The Sierra Club has failed in its attempt to label Scott Pruitt a violator of the Environmental Protection Agency's Scientific Integrity Policy.
Pruitt is off the hook for expressing an opinion about global warming, as a scientific review panel ruled that it is within EPA policy to call for rigorous debate on the issue, according to a letter obtained by the Washington Free Beacon.
"The freedom to express one's opinion about science is fundamental to EPA's Scientific Integrity Policy even (and especially) when that point of view might be controversial," wrote Dr. Thomas Sinks, the director of the EPA's Office of the Science Advisor.
The Sierra Club filed a complaint to the inspector general against Pruitt in March, alleging Pruitt violated the Scientific Integrity Policy by saying during an interview that there is disagreement among scientists about whether CO2 is the primary driver of global warming.
The inspector general referred the allegation to Dr. Francesca Grifo, the EPA's Scientific Integrity Official, who then passed along the Sierra Club's complaint to the EPA Scientific Integrity Committee.
The committee cleared Pruitt of the charge, and, in fact, defended the EPA administrator for expressing his opinion and encouraging "vigorous debate."
"In his response, the Administrator expressed his opinion regarding contributions to global warming and called for more debate, review, and analysis as a precursor to any future EPA policy decision on the matter," the Scientific Integrity Review Panel said. "This expression of opinion, which was not made in a decisional context, is fully within the protections of EPA's Scientific Integrity Policy and does not violate that Policy. We also note that, in his remarks, the Administrator did not suppress or alter Agency scientific findings."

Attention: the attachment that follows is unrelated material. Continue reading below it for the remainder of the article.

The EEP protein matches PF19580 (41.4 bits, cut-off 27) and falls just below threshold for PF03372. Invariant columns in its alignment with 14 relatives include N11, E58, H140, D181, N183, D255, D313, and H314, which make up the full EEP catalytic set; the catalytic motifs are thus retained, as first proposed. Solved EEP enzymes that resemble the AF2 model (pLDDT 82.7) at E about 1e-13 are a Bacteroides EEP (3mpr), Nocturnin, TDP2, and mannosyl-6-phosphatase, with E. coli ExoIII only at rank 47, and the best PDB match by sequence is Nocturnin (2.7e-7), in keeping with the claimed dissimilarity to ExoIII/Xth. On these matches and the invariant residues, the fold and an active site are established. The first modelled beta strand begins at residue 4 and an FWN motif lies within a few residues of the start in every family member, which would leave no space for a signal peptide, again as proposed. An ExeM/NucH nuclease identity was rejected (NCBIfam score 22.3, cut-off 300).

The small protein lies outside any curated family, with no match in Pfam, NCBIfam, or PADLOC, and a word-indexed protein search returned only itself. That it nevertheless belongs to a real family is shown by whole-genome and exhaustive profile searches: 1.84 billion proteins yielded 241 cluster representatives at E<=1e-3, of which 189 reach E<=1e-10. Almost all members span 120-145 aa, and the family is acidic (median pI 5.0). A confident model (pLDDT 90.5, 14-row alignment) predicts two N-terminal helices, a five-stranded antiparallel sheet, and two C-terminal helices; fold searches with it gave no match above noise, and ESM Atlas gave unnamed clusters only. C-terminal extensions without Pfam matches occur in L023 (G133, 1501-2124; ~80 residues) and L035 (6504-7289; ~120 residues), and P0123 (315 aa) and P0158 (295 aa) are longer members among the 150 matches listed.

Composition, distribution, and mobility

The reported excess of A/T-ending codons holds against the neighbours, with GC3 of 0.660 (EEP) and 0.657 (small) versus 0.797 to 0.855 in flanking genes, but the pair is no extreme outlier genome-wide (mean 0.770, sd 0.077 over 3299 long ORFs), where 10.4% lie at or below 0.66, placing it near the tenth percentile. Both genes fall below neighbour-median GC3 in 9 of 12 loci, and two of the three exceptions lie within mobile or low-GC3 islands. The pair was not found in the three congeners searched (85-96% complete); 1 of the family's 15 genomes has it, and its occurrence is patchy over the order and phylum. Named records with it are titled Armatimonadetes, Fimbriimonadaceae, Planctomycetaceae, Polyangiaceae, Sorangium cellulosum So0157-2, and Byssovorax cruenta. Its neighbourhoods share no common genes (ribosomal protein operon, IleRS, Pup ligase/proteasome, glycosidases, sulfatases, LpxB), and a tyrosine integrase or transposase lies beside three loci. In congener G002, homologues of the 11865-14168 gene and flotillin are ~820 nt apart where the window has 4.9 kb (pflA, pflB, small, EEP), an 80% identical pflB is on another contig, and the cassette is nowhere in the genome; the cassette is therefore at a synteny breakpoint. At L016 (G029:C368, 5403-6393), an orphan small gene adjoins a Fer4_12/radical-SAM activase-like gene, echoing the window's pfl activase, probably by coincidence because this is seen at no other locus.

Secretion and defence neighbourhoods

The EPA panel went further in refuting the Sierra Club's interpretation of the Scientific Integrity Policy. The liberal environmentalist group had branded Pruitt a "climate denier" in its complaint.
"Expressing an opinion about science is not a violation of the EPA Scientific Integrity Policy," the EPA panel said. "Indeed, the Scientific Integrity Policy—in the spirit of promoting vigorous debate and inquiry—specifically encourages employees to express their opinion should the employee disagree with scientific data, scientific interpretations, or scientific conclusions."
The Sierra Club did not immediately respond to a request for comment.
The group's complaint was spurred by an interview Pruitt gave to CNBC, where he was asked, "Do you believe that it's been proven that carbon dioxide is the primary control knob for climate?"
Pruitt responded: "No. I think that measuring with precision human activity on the climate is something very challenging to do and there's tremendous disagreement about the degree of impact. So no, I would not agree that it's a primary contributor to the global warming that we see. But we don't know that yet… We need to continue the debate and continue the review and the analysis."
The letter was signed by Dr. Sinks, and sent to Elena Saxonhouse, a senior attorney for the Sierra Club, and Joanne Spalding, the group's chief climate counsel.